HOA Parking Enforcement?

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Latest post Tue, Apr 15 2008 11:21 PM by dennis_nj. 9 replies.
  • Sat, Apr 12 2008 10:04 AM

    • craig1961
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    • Joined on Sat, Dec 23 2006
    • Posts 22

    Question [=?] HOA Parking Enforcement?

    I live in a HOA in Brevard County FL. I work for a utility company and am required to be on standby. As such I was parking in my driveway until the board told me I could not based on the rules.

    I then checked with code enforcement and was told that as long as the vehicle is under 10,000lbs GVW I can park on the steet since my community is not gated and does not own the streets and sidewalks. The board has verified this themselves but, continues to harrass me over this and is threatening to complain to my employer. This could at minimum.

    Considering the current state of the economy this could possibly put my job at risk since the company may decide I can no respond to outages in the required time frame if they tell me to park on company property and commute.

    What legal grounds if any do I have in this matter? I have the legal right to park on the street yet they they are trying to forcefully deny me my rights.
  • Sat, Apr 12 2008 2:09 PM In reply to

    re: HOA Parking Enforcement?

    Here's the problem.

    Your legal rights to park on a public street are trumped by your contractual obligations to the HOA.

    When you buy in an HOA you give up a lot of legal rights in exchange for whatever advantages there are of being in an HOA.

    For example, I have the legal right to paint my house pink with purple polka dots. But if I was in an HOA, the HOA has the contractual right (that I give them) to prohibit me from doing so.

    Same with your situation.

    The HOA has the right to enforce the residential quality and look of the community. If a commercial vehicle parked on the street offends the board and/or the community, the HOA *** can certainly take whatever steps is necessary to eliminate the offending vehicle. If not by directly prohibiting it, then by indirectly making your life miserable.

    • The right of the people 
    • to keep and bear arms,
    • shall not be infringed.
  • Sat, Apr 12 2008 2:22 PM In reply to

    • anon3
    • Top 100 Contributor
    • Joined on Wed, Mar 15 2000
    • Posts 528

    re: HOA Parking Enforcement?

    I disagree with the other poster. Only if your streets are private do they have that right. Since your streets belong to the city you follow city/state parking laws, and use those same for vehicles. There may be weight or size restrictions, but other than that, probably not.
    The hoa can determine what you do with the buildings on the private land of the corporation, but NOT on public streets.

    Consider posting your questions at these four hoa forums. The first three are for homeowners: http://groups.yahoo.com/group/AZ-CHORE/ Jan Bergemann, a Florida advocate posts there. http://groups.yahoo.com/group/hoanet/ is also an advocate group, as is http://www.ahrc.com/new/index.php/src/news. You have to register for them, but there’s information there and maybe some help. A fourth forum is for board members, but homeowners post there occasionally, and you may get help at that one, too.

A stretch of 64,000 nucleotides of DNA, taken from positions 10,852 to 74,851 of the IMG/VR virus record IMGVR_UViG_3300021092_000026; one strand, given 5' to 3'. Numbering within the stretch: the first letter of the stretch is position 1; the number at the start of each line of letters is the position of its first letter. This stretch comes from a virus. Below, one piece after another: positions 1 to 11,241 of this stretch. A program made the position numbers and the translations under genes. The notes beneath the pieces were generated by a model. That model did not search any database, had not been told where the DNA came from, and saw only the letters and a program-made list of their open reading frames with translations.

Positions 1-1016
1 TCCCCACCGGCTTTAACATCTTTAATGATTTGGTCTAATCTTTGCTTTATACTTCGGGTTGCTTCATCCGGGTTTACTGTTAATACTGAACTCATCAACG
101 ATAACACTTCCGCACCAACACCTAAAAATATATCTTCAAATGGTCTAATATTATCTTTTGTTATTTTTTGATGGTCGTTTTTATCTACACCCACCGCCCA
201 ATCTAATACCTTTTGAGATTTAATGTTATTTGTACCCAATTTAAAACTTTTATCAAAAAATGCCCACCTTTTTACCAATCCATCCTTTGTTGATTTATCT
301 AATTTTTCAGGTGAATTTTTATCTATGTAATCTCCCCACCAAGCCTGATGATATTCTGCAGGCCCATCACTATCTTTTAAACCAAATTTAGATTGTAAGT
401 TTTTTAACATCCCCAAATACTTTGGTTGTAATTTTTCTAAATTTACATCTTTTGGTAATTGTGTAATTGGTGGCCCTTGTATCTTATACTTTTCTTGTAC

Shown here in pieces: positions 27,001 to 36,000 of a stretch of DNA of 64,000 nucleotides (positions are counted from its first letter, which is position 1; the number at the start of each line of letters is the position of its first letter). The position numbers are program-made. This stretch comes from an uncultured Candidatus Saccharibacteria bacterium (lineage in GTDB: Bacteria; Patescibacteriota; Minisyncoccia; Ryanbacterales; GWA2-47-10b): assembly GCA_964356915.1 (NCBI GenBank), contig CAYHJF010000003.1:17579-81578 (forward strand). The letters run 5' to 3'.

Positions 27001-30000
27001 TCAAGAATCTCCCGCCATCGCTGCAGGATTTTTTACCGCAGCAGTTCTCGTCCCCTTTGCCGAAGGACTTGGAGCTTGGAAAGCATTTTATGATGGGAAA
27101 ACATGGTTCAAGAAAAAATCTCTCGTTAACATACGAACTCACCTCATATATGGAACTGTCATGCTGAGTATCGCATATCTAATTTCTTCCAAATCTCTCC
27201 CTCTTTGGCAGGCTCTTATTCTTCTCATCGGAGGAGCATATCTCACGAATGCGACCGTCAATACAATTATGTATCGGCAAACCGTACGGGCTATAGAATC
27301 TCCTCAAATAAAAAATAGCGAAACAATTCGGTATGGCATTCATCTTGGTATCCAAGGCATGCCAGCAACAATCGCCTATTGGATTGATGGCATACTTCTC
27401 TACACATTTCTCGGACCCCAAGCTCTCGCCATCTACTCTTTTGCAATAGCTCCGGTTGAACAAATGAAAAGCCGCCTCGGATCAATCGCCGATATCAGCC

Have you asked to be on the agenda at a meeting to discuss this? Ask politely, non-confrontationally, why you are being harassed—“I’m confused. State law (and hoa rules) permit me to park my truck in my driveway. You’ve verified that (and I have the law here for you-prepare to give copies to them) so, help me out: Why are you doing this? I really do not understand.”
    I’m asking/telling you to stop.
    Are other people in the same boat? Are they in this position, too? Maybe a cease and desist order will be necessary at some point. If you do get a lawyer, you need one that is NOTCAI-Community associates Institute-they are anti-homeowner.
    Best wishes with this.
  • Sat, Apr 12 2008 11:30 PM In reply to

    • Jeeper
    • Top 100 Contributor
    • Joined on Fri, Jun 24 2005
    • Posts 494

    Agree [=|=] re: HOA Parking Enforcement?

    I tend to believe the HOA knows they don't have much of a leg to stand on, which is why they say they'll complain to your employer. If they had better standing, they wouldn't threaten with something as petty as that.

    As far as your legal recourse, I can't answer that. I strongly urge that you consult with a local real estate attorney, one that has litigation experience dealing with an HOA. I would do it tomorrow, and have your attorney draft a letter to your HOA, letting them know you're willing to put up a fight (even if you're not).

    Sometimes, a well drafted letter from an attorney will show their poker hand. If they have a leg to stand on, they'll respond and may not back down. If they have no leg to stand on, they'll back down.
  • Sun, Apr 13 2008 12:48 PM In reply to

    • anon3
    • Top 100 Contributor
    • Joined on Wed, Mar 15 2000
    • Posts 528

    re: HOA Parking Enforcement?

    You need to be aware that hoa boards have almost no oversite, are NOT regulated, and homeowners have almost NO protection from the board members, who undoubtedly have "director and officer" insurance, paid for by ho assessments. Then, the boards are defended by attorney, almost definately CAI, and again, paid for by ho assessments.